When Elizabeth was 4 and Caitlin 2, I took them to the Pittsburgh airport to pick up Annie who had been working on a film project in Massachusetts. While we were waiting, Elizabeth and I sat reading while 2 year old Caitlin walked up and down the aisle talking to people including a man who was secretly taking pictures of pretty women walking past and did not want to be talked to. When Annie got off the plane, we could not leave until Caitlin introduced us to all her new-found friends.

If we had not been aware that God had created Caitlin to be a person different from us, we could have destroyed her. When she wanted to talk, we could have said, “Can’t you just shut up for a while? Don’t you know how to be quiet?”

One of the tragedies of families is that a parent is unable to see that the child he has been given is different rather than wrong. If the father is a matter-of-fact person who is organized and thinks before he speaks and he has a son who is a spontaneous, creative personality who starts projects and then loses interest and rather than finish them, goes on to do something else, there is a real possibility that there will be communication problems.

The assumption of too many parents is that their way is the right way and they try to mold their children who are made differently into an image of themselves.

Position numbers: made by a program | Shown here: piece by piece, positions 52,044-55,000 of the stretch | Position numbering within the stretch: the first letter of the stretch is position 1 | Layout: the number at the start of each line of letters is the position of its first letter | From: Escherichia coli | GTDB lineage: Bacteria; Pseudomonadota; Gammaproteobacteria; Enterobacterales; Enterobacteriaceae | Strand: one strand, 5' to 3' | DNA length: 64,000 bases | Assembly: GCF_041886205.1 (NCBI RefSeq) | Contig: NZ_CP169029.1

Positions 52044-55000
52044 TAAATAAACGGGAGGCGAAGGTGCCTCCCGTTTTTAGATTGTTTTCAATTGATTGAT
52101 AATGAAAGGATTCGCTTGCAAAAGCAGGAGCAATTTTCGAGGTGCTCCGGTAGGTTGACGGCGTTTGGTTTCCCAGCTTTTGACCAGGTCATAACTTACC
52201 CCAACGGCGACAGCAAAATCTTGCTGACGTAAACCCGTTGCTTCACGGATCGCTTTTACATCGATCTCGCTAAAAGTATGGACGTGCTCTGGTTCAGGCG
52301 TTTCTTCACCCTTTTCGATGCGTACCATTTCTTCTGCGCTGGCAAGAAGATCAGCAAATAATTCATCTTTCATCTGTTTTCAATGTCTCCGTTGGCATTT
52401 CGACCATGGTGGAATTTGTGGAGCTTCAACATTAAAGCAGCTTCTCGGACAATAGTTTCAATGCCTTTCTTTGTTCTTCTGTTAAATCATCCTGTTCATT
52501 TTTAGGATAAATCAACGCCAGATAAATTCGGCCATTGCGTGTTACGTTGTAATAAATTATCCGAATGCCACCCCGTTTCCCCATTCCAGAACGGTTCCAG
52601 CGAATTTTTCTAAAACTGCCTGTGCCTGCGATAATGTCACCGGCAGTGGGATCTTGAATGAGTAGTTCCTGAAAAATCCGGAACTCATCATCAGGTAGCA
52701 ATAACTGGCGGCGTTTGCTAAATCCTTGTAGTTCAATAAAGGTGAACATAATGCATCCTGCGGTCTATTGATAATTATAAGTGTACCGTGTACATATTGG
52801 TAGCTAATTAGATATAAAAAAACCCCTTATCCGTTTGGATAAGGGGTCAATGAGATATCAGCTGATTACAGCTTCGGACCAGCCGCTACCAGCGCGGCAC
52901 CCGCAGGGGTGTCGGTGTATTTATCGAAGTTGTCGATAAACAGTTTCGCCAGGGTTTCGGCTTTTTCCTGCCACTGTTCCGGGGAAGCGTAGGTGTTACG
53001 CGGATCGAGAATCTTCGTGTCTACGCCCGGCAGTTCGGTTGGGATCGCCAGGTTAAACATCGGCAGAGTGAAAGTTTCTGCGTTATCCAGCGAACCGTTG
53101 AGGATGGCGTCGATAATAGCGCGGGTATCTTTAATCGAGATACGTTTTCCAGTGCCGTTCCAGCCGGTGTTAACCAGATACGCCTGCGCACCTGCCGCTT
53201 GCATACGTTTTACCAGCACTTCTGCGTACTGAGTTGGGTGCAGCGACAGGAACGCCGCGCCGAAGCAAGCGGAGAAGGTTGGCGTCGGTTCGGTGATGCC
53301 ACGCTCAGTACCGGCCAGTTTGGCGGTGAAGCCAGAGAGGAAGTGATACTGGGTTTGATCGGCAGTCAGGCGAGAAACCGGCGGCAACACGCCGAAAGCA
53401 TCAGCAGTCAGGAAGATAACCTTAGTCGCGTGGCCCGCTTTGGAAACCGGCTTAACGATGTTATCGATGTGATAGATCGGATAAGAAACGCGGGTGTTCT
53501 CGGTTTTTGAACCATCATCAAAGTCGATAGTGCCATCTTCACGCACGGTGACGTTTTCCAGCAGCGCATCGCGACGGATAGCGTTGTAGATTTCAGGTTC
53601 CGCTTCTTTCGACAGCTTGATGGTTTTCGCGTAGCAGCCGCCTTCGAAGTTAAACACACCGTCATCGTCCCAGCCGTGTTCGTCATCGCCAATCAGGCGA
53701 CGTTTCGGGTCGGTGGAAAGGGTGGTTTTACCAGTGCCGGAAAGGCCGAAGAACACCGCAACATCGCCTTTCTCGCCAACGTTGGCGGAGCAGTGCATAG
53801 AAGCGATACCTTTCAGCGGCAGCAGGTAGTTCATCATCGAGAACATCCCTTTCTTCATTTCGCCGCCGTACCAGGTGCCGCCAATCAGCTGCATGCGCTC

Affirm who your child is. If you think your daughter is scatter-brained and an air-head, see instead that she is creative and loves exploring ideas. Rather than call your son a bookworm, affirm his studiousness. Rather than describe your daughter as chatty or gabby, see how she is socially gifted. Rather than thinking of your son as unsocial, begin to see him as reflective and a deep thinker. Rather than calling your daughter a slob, see her as being unconcerned with order as you understand it.

Don’t try to make your child conform to your own image, work to see what your child can become.

You have to work to discover who your child is that God has given you and work to help your child become who God meant him or her to be. Don’t take a tea cup and try to make it into a hammer. The nail will never get into the table and you will destroy the tea cup.

Parenting lesson #3
Do not live vicariously through your children.

This is very clearly seen at youth sporting events when a parent crosses over the line of being a fan and becomes a problem. Parents plot and scheme to get their son or daughter more playing time in the games. When the coach does not put their child in the game, fights can break out. In the US there was a trial recently for a parent who got into a fight with another parent over the hockey game their sons were playing and one of the parents died as a result.

Why would a parent get so emotionally involved in a youth sporting event? One of the dynamics is that the parent is reliving his or her younger days when they played sport. A parent who did not achieve all they wanted in sports as a child now views having a child as a second opportunity to achieve.